Is This Brazilian Oil Company Overrated?

Brazilian oil fields may hold some of the world's largest oil reserves. However, things may not be all that smooth for the state-run Petroleo Brasileiro (NYSE: PBR  ) . The emerging economy's quest to become an energy superpower could well be hindered, thanks to the typical problems generally faced by developing nations.

A potential landmine
Workers at Petrobras were evaluating a new deal from management that proposes to address various issues, including that of safety. However, if the deal fails to get approval, a strike is set to begin tomorrow, after being postponed last week. It doesn't look good, with some of the states already rejecting the offer.

No doubt, Brazil's massive oil discoveries in recent times should propel the country onto the world energy map. But the question is: How soon can investors look up to this nation's oil reserves as potential investing goldmines? In short, it may take awhile.

Unimpressive figures
Despite the company making one of the biggest discoveries in the form of the Tupi oil field in 2007, Petrobras' shares have been in a state of constant decline, falling 47% in the last two years. The latest quarterly results aren't too impressive either.

Revenues did grow, but net income dropped 26% in the third quarter compared to last year. This is the result of a declining Brazilian real, which has driven up the company's cost of debt. Brazilian companies that hold their debt in U.S. dollars have borne the brunt after the Brazilian real declined as much as 14% since July. But should this be surprising? The Brazilian economy has been growing quickly, and rising inflation shouldn't really come as a surprise.

Still, cash flows have remained strong, thanks to rising crude prices. Also, higher price realizations should likely be a stable factor. Petrobras' ambitious projects are currently the largest in the world. The company expects its $225 billion offshore project to double daily production by 2020. Additionally, Petrobras has been mandated by law as the lead operator in Brazil's major deepwater exploration and production projects. This virtually shuts out competition here. But that doesn't mean things are looking smooth going ahead.

Bitten off more than it can chew?
Analysts believe this project is too big for the company to handle on its own. A major concern is exploitation of workers. The impending strike might make sense. In short, the problems faced by an emerging economy aren't easily solvable.

Another thing that needs attention is that, until a proper hike in production occurs, it's too early to estimate these deepwater reserves conclusively. As Fool analyst David Lee Smith had noted, ExxonMobil (NYSE: XOM  ) and Hess (NYSE: HES  ) had jumped into the fray, only to hit dry wells. China's Sinopec (NYSE: SHI  ) and Chevron (NYSE: CVX  ) have bought substantial interests here, but it remains to be seen how things ultimately turn out.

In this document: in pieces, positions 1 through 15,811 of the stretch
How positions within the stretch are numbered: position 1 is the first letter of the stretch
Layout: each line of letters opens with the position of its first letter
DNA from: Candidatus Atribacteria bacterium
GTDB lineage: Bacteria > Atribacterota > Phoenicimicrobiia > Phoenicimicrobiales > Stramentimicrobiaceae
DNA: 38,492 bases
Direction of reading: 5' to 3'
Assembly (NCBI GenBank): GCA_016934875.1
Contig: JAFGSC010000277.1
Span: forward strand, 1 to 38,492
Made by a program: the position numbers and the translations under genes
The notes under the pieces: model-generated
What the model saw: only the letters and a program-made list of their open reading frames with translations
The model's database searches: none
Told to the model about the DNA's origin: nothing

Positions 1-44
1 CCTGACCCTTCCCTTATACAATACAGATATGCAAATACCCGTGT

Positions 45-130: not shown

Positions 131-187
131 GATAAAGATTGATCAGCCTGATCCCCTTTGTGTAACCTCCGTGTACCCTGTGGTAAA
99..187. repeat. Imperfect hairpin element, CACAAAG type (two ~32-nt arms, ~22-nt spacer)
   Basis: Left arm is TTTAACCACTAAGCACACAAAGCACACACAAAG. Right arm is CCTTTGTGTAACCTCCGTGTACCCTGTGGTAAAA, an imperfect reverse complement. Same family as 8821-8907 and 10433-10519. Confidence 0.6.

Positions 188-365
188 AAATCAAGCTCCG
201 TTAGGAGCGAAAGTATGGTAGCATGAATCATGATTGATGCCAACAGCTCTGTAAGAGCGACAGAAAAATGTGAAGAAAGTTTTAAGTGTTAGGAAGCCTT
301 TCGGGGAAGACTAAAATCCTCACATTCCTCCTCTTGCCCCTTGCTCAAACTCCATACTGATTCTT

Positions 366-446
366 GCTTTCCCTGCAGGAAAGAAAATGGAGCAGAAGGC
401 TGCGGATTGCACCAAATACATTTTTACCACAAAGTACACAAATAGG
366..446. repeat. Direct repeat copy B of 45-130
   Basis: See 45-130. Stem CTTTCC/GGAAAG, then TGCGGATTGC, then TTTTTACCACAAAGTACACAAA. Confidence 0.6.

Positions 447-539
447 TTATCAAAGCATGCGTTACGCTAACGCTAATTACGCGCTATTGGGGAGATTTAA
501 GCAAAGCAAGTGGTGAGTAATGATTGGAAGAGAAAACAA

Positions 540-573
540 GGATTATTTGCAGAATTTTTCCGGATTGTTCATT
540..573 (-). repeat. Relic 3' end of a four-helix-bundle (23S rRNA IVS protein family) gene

Foolish bottom line
Economic woes in the form of inflation along with a bunch of disgruntled workers don't really bode well for a company that dreams of becoming the world's largest publicly listed oil company by 2020. The coming year should give us a better perspective of the company's progress. We at The Motley Fool can help you keep a track of this company for the latest news and analysis. All you need to do is add it to your watchlist.

If you are looking for other ideas for investing in energy, The Motley Fool has created a new special oil report titled "3 Stocks for $100 Oil," which you can download today, absolutely free. In this report, Fool analysts cover three outstanding oil companies. To get instant access to the names of the three oil stocks, click here -- it's free.    

Fool contributor Isac Simon does not own shares of any of the companies mentioned in this article. Motley Fool newsletter services have recommended buying shares of Chevron and Petroleo Brasileiro. Try any of our Foolish newsletter services free for 30 days. We Fools may not all hold the same opinions, but we all believe that considering a diverse range of insights makes us better investors. The Motley Fool has a disclosure policy.

Read/Post Comments (0) | Recommend This Article (3)

Comments from our Foolish Readers

Help us keep this a respectfully Foolish area! This is a place for our readers to discuss, debate, and learn more about the Foolish investing topic you read about above. Help us keep it clean and safe. If you believe a comment is abusive or otherwise violates our Fool's Rules, please report it via the Report this Comment Report this Comment icon found on every comment.

Be the first one to comment on this article.

Sponsored Links

Leaked: Apple's Next Smart Device
(Warning, it may shock you)
The secret is out... experts are predicting 458 million of these types of devices will be sold per year. 1 hyper-growth company stands to rake in maximum profit - and it's NOT Apple. Show me Apple's new smart gizmo!

DocumentId: 1592817, ~/Articles/ArticleHandler.aspx, 9/18/2014 1:56:32 AM

Report This Comment

Use this area to report a comment that you believe is in violation of the community guidelines. Our team will review the entry and take any appropriate action.

Sending report...


Advertisement